I am no expert on the fine art of social dynamics. Nonetheless, it seems pretty clear that in times of great national stress, such as the carnage in Orlando, our impulses should be to unite a nation reeling from its wounds.  But evidently that simple message of compassion and good sense never reached Anderson Cooper of CNN, who has found himself embroiled in a controversy over his interview with Florida Attorney General Pam Bondi that turned into a stern lecture about her role in the litigation of same sex marriage in Florida that ended two years ago.

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Back in the 1970s, our culture embraced the idea that freedom includes the ability to divorce (ie, reject) a child’s other parent without cause. This is also known as “no fault divorce.” It is commonly viewed as expansion of liberty. It is very common for divorced adults to behave as is if they no longer […]

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Gay Marriage: An Awkward Moment


20151029_164626A few months ago I attended a T’ai Chi Chih Conference and met a lovely woman. We had a lot in common besides our practice. At lunch, we sat together with a woman friend who had come with her to the conference. I thought they might both be gay — no big deal. Then “Gayle” introduced me to her wife, and explained that they’d been married two months before and were so excited. Awkward. The only thing I could do was smile and say “Congratulations.” (For the record, I tried wearing the same-sex marriage idea for several months, but all the pulling on the hem and shortening of the sleeves wouldn’t work; I can’t support same sex marriage.)

Generally, I’m not reluctant to speak up when I have a serious disagreement with someone, but face to face with two people who felt safe enough to share their relationship with me caught me off guard.

Have you been in this spot? Was it no big deal? How did you respond? If you haven’t been there, what do you think you’ll do when it happens?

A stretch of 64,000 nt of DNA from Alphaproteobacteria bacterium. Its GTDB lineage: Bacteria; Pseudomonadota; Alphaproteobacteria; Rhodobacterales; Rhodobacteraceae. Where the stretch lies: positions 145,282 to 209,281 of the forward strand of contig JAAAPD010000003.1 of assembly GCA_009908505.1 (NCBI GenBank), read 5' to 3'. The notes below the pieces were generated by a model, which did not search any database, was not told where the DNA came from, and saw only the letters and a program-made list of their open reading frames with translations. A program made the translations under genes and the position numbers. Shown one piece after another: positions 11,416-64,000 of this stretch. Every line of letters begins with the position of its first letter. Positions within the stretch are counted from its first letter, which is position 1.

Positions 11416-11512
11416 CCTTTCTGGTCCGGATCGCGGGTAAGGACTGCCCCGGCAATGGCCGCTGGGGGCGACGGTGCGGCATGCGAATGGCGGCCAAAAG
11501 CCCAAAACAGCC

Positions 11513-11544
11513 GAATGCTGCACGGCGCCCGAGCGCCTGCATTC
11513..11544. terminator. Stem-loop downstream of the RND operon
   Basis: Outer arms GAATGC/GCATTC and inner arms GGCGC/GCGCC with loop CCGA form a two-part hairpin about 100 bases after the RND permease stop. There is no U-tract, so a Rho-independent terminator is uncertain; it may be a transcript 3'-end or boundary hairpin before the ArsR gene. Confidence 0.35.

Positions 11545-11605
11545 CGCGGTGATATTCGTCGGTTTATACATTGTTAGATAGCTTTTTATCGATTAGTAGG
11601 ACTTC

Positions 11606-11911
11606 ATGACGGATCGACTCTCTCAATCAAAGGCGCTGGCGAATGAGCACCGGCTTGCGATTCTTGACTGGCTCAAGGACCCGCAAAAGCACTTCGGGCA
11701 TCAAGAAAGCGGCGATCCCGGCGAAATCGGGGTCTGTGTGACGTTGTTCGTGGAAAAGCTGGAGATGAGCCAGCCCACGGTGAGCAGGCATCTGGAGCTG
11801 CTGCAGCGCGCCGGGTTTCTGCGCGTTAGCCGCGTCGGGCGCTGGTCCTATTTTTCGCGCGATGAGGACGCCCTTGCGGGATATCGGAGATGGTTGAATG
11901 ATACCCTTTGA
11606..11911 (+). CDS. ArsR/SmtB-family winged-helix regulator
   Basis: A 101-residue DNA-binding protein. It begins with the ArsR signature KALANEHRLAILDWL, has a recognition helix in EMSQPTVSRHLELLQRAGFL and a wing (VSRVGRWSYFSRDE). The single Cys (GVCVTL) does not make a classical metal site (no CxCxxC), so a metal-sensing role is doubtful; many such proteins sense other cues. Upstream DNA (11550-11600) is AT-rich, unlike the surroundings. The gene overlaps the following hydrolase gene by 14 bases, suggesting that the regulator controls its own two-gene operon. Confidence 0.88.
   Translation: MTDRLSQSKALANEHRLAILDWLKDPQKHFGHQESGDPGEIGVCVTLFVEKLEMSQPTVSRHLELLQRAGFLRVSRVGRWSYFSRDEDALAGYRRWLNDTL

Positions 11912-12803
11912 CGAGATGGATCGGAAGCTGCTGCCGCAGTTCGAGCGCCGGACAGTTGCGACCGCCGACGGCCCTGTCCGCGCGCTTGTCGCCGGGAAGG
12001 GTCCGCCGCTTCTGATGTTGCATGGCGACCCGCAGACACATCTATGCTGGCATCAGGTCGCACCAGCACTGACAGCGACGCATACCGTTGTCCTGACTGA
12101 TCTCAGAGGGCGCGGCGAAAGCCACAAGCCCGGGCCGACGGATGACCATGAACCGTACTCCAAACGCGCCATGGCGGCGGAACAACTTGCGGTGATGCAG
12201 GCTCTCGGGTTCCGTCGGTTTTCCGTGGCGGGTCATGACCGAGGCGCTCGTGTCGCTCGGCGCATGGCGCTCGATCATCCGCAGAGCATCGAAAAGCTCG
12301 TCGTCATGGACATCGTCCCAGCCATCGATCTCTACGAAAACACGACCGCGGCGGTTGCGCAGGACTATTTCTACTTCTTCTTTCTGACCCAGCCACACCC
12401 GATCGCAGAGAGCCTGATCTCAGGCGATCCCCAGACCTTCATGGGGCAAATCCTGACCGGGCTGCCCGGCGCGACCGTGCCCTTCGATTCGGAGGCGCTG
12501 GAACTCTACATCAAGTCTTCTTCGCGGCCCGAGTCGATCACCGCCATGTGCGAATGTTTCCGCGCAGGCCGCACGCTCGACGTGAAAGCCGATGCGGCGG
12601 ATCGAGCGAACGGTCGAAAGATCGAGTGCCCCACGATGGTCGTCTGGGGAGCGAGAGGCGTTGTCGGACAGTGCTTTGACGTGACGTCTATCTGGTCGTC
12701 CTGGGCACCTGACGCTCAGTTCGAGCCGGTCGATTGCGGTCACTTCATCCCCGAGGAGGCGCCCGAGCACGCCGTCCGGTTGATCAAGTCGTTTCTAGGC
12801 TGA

Kim Davis Is No Martyr


Kim-Davis-mugshotTed Cruz made his feelings clear about defiant county clerk Kim Davis: “Today, for the first time ever, the government arrested a Christian woman for living according to her faith.” Mike Huckabee said, “having Kim Davis in federal custody removes all doubt of the criminalization of Christianity in our country.”

Mat Staver, who is representing Davis in court, compared her to several Christian martyrs. “Kim joins a long list of people who were imprisoned for their conscience,” Staver said. “People who today we admire, like Rev. Dr. Martin Luther King Jr., Jan Hus, John Bunyan, Dietrich Bonhoeffer, and more — each had their own cause, but they all share the same resolve not to violate their conscience.”


Marriage, Schmarriage, and Blarriage


Earlier this year, I signed on to one of the amicus briefs arguing against judicial imposition of nationally recognized same-sex marriage and I am not changing my position here. However, I have gradually come to understand — largely thanks to the tireless efforts of SSM-supporting Ricochetti over on the SSM PIT — a pretty good argument for it. This argument deserves a fair hearing, and traditionalists like myself deserve the chance to confront it directly. Hopefully the result will be that some of us understand each other a little better, even if no one is actually convinced of anything.[1]